Condoms still 'first line of defense'
Because Truvada is already on the market, the CDC is rushing to develop guidelines for doctors using it for HIV prevention, and urged people to wait until those are ready.

"It's not time for gay and bisexual men to throw out their condoms," Fenton said. The pill "should never be seen as a first line of defense against HIV."

Story: Your laptop could be cooking your testicles
Story: 5 most common misdiagnosis for men
Story: Guys, these 7 health checks could save your life

As a practical matter, price could limit use. The pills cost from $5,000 to $14,000 a year in the United States, but only 39 cents a day in some poor countries where they are sold in generic form.

Dr. Howard Jaffe, president of the Gilead Foundation, said the company was not planning any price changes.

Whether insurers or government health programs should pay for them is one of the tough issues to be sorted out, and cost-effectiveness analyses should help, said Dr. Anthony Fauci, director of the National Institute of Allergy and Infectious Diseases.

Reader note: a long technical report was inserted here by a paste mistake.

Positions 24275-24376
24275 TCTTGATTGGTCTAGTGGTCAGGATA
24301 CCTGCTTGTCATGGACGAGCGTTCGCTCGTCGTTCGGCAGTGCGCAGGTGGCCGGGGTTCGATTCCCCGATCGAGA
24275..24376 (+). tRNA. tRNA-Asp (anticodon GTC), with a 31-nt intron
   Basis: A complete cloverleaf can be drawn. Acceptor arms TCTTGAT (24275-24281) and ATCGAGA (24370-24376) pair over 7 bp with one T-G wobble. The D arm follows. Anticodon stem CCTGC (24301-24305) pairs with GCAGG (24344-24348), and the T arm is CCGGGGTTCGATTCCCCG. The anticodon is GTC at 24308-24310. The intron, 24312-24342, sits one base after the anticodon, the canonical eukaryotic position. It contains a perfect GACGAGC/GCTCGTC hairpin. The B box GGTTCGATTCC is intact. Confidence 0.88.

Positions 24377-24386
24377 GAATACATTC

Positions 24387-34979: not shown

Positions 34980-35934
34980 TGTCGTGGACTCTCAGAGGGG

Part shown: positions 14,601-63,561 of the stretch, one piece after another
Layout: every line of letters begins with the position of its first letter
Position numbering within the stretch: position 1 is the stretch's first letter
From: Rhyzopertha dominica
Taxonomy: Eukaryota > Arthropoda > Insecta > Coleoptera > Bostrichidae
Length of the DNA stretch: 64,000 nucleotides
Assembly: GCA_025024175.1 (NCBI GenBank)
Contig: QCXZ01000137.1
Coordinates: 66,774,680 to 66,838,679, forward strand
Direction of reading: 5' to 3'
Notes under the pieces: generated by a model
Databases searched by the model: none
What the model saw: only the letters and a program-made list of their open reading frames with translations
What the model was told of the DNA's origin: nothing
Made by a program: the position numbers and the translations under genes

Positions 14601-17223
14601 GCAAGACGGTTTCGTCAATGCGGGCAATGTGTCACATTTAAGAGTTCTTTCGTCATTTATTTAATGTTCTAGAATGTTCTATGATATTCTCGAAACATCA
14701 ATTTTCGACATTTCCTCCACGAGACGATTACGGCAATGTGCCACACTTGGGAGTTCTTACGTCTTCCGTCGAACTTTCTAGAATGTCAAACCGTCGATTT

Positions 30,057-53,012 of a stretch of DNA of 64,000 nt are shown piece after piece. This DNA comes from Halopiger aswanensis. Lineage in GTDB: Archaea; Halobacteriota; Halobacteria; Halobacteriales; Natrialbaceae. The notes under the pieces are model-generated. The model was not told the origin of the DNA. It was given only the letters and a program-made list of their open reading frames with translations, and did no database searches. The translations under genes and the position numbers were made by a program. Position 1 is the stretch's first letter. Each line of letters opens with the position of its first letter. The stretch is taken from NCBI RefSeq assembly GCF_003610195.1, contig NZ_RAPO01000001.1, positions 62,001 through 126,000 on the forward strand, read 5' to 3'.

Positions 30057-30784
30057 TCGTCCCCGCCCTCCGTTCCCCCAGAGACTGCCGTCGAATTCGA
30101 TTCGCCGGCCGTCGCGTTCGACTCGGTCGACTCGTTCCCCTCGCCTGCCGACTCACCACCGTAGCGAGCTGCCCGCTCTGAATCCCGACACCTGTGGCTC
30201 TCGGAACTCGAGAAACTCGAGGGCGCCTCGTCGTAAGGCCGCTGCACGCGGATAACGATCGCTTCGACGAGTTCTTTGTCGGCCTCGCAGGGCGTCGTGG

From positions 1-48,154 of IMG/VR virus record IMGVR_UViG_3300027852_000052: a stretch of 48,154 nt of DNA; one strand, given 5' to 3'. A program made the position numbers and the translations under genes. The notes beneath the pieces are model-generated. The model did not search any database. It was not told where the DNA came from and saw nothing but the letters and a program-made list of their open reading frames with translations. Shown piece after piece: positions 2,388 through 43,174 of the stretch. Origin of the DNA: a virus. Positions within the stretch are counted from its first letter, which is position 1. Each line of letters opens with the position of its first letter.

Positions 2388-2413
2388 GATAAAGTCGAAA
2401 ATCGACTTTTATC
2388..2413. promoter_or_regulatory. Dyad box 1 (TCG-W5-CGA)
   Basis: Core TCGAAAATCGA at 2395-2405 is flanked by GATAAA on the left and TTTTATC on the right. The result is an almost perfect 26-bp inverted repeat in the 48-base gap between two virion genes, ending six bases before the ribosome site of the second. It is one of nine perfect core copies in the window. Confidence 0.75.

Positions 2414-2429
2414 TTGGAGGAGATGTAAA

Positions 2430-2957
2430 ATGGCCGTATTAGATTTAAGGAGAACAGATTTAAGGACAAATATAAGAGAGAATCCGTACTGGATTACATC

"This is an exciting finding," but it "is only one study in one specific study population," so its impact on others is unknown, Fauci said.

His institute sponsored the study with the Bill & Melinda Gates Foundation. Results were reported at a news conference Tuesday and published online by the New England Journal of Medicine.


It is the third AIDS prevention victory in about a year. In September 2009, scientists announced that a vaccine they are now trying to improve had protected one in 3 people from getting HIV in a study in Thailand. In July, research in South Africa showed that a vaginal gel spiked with an AIDS drug could cut nearly in half a woman's chances of getting HIV from an infected partner.